West Across America, 2011

Quiet between mid-century mid-class homes and lawns

Among the traffic rumbling main street Middlebury

An easy smile and a casual wave from

An Amish lad guiding his buggy horse

A face not smug, but enigmatic

As if knowing, hiding, the deepest secrets of contentment.

All day, towns like toys slip away, more transient than time

Friday’s football fading slowly from their minds

The pom-pomed cheer girls packing off to schools

Their gridiron heroes married off like fools.

Across the rusted track, a warehouse shop is full

Cheap stuff growing, cars glowing, work shrinking, jobs going

Emptying out the churches, union halls and watering holes 

Of old army buddies telling one another lies.

None greater than “It’s good, I’m doing fine,

The bank’s been sold to a brand across the line. 

All’s well”,  ‘til Main Street diner’s closing time

Has come for ever.

Spaghetti knots of beltways, ramps and whoop-d-dos

Converge about some larger places, winners in the lottery of regulated planning

That sucked the good folk from the farms and towns.

Encircling, choking, obscuring, bypassing

Grandpa’s ‘Roads and Routes, the gateways to a sometime market town

Littered now with burger joints and muffler shops,

Surrounded out beyond with mega-churches, office parks, and car sale lots 

Surrendered to the dealers in a thousand brands of faith, hope, mobility.

The language is a babel, the lie is in the label

Used to mask the hollowness, loss of vision, lack of progress.

The secret to avoiding oblivion or strife

Lies in mastering all ambiguity, the adjectives of modern life.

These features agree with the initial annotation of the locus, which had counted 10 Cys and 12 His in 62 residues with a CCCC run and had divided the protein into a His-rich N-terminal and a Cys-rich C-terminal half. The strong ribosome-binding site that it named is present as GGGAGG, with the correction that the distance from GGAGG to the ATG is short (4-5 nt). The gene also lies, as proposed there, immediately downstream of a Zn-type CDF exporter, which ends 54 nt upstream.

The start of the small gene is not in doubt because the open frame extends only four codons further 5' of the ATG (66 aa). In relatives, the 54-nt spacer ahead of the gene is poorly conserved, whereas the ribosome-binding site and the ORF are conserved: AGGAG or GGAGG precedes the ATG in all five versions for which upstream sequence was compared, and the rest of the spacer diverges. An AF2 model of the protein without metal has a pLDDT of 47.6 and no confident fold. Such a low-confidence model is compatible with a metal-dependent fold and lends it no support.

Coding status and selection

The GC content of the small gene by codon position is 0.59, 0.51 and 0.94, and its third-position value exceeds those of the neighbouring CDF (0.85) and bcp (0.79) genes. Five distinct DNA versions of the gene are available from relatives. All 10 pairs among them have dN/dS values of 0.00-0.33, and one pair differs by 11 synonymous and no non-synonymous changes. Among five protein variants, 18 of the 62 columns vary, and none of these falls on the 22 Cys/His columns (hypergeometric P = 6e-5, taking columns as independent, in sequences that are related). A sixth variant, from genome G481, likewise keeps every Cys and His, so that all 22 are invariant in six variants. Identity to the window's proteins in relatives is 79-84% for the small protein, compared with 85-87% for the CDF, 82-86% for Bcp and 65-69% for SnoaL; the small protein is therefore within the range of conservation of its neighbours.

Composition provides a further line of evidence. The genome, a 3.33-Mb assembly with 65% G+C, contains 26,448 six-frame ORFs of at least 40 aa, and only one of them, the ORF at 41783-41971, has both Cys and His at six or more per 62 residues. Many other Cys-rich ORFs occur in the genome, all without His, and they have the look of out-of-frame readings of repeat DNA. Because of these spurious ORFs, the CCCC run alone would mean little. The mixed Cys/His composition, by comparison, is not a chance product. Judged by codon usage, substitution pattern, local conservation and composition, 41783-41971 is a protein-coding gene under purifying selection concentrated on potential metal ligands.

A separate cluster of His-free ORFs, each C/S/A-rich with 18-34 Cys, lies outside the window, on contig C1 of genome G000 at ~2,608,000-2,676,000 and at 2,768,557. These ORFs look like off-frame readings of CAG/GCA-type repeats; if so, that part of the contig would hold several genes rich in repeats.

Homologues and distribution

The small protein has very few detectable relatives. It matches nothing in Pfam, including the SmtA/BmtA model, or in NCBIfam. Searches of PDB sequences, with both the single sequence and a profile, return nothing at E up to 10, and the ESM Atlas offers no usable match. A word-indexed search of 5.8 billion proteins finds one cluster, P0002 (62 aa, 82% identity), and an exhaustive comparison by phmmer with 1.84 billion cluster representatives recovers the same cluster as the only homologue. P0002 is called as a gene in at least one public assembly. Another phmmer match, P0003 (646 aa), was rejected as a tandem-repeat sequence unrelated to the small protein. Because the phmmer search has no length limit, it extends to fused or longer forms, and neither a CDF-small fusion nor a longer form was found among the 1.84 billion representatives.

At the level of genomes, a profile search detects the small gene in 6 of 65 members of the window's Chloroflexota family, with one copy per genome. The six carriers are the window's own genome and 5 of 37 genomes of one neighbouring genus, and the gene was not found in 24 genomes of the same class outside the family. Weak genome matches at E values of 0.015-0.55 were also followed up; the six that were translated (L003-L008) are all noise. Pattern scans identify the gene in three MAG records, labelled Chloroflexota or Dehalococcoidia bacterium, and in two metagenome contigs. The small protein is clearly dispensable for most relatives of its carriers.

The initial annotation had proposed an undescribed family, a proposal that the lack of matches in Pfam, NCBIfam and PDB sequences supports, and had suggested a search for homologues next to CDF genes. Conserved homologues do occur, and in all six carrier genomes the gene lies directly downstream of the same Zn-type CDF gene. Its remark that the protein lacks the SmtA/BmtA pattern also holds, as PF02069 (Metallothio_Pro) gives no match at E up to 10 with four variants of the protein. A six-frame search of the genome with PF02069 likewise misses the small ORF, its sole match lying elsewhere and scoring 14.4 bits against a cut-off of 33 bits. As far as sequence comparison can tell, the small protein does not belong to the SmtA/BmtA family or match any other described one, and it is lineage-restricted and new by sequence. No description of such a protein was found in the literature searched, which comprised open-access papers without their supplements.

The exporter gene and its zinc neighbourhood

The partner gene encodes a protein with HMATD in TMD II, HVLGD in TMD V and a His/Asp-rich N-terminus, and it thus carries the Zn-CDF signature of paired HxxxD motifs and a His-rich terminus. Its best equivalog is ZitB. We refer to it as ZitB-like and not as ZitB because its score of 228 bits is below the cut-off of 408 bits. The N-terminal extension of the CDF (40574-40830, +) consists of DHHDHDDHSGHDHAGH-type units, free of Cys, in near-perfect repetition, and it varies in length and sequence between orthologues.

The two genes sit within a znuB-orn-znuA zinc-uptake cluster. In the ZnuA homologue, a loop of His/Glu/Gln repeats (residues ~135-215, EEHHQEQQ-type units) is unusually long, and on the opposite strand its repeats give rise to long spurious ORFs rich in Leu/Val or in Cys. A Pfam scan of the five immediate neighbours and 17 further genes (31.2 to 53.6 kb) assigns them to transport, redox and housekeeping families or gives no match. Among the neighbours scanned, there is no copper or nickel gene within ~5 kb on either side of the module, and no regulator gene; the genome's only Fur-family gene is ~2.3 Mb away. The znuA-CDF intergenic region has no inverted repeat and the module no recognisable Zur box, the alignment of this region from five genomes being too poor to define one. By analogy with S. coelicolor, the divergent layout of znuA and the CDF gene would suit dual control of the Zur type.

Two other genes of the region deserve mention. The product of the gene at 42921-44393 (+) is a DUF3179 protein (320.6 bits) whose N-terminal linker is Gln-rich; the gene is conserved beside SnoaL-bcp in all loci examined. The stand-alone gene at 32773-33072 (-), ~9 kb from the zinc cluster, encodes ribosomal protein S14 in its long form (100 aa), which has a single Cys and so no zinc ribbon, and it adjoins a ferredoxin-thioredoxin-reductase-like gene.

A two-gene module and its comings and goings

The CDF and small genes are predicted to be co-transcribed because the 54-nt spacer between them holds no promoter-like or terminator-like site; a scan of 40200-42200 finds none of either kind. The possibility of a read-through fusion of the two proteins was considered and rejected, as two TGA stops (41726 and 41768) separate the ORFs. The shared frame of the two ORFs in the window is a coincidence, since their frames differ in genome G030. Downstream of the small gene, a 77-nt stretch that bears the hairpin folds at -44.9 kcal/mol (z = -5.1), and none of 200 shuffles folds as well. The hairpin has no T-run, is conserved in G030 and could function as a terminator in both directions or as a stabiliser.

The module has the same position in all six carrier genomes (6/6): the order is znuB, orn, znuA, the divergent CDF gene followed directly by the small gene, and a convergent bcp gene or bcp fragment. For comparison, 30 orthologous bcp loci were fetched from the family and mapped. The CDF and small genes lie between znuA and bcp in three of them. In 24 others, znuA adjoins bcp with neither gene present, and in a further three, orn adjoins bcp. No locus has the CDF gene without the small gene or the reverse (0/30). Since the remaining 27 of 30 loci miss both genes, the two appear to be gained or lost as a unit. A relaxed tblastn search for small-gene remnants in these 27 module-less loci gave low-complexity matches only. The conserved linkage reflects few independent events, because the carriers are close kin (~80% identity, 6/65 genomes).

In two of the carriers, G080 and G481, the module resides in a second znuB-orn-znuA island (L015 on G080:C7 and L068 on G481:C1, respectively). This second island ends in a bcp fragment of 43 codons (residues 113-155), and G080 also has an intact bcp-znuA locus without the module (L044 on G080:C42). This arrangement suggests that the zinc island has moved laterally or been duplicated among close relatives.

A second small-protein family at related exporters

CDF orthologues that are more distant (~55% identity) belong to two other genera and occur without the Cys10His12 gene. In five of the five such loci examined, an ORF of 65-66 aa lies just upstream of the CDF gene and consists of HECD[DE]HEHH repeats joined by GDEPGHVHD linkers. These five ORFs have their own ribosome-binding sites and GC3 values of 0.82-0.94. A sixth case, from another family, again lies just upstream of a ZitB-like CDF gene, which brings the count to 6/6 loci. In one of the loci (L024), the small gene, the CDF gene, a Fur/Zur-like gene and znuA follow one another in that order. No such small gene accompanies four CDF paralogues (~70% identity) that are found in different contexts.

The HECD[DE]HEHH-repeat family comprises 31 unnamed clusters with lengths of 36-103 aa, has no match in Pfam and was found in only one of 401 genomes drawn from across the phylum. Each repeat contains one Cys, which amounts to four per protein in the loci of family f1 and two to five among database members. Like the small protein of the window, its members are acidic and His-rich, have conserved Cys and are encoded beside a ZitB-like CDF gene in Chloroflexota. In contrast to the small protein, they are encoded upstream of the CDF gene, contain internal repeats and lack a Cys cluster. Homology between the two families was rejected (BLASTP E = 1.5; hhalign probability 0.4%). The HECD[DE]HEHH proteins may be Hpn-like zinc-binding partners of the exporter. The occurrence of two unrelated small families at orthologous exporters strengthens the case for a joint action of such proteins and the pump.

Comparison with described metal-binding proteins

The birthplace of ol’man river slips below 

Dividing the home of a most divided nation

Embarrassed by the somber granite faces

Staring south from high above the west

Monumental faces diminishing the viewers

Monumental audacity diminishing imagination 

Monumental tackiness diminishing us all

Reduces our love,  patriotism, identity

To hollow consumption.

A worthy town marks the end of the farms

And of the 7 million captive hogs

Who wander in each year to be transfigured

In what is called now a processor, as if there is a future

beyond the bolt from the blue, the red rush, the fade to white 

the end of all that’s brave and free.

Beyond the tracks they tidy up the town

Tart up old houses, manicure the lawns

So eastern culture feels comfort here at the western edge 

Before the land rises to expose a foreign thing.

Wind swept across the high plains drifting, scouring away all life

A vast rangeland without a herd in view

The radio crackling on about simple values, loss of love and

Where is god in all this vast expanse of life and lifelessness,

And where is this going, what am I driving at?

A warm bed, decent sleep, a clear road home,

Comprehension, Enlightenment, Contentment.

The horizon void  of all but a smudge

An open pit mine miles across

With endless strings of cars rolling out on tracks

Across the trackless grassy ridges towards

Someplace anyplace else.

Below the grandeur of the snowy peaks

Away from the faithful rumblings of nature

Towns and townsfolk divided by their kind

Scrappy, tinny, tiny folk struggling to find

A foothold in a hard, hard land

Smug, large, larded folk straining to find

Meaning in a soft, soft life.

West of the divide the traffic thickens

They drive now slow

With nowhere else to go

But into the sea or back to the east

The one impossible as the other undesired.

So they bottle up the roads, creating, building

artificial novelty spaces, sterile resort worlds

magic kingdoms, fantasy lands of the imagination

electronic societies in which everyone

befriends everyone and  knows none.

Sitting, staring, entranced 

With the marvel of the place and their own stupefaction

Blighting the beauty with their great self satisfaction.

And to the south, the sun slips down beyond a gilded gate,

Knowing, hiding, the deepest secrets of contentment.

 © Philip Knight 2018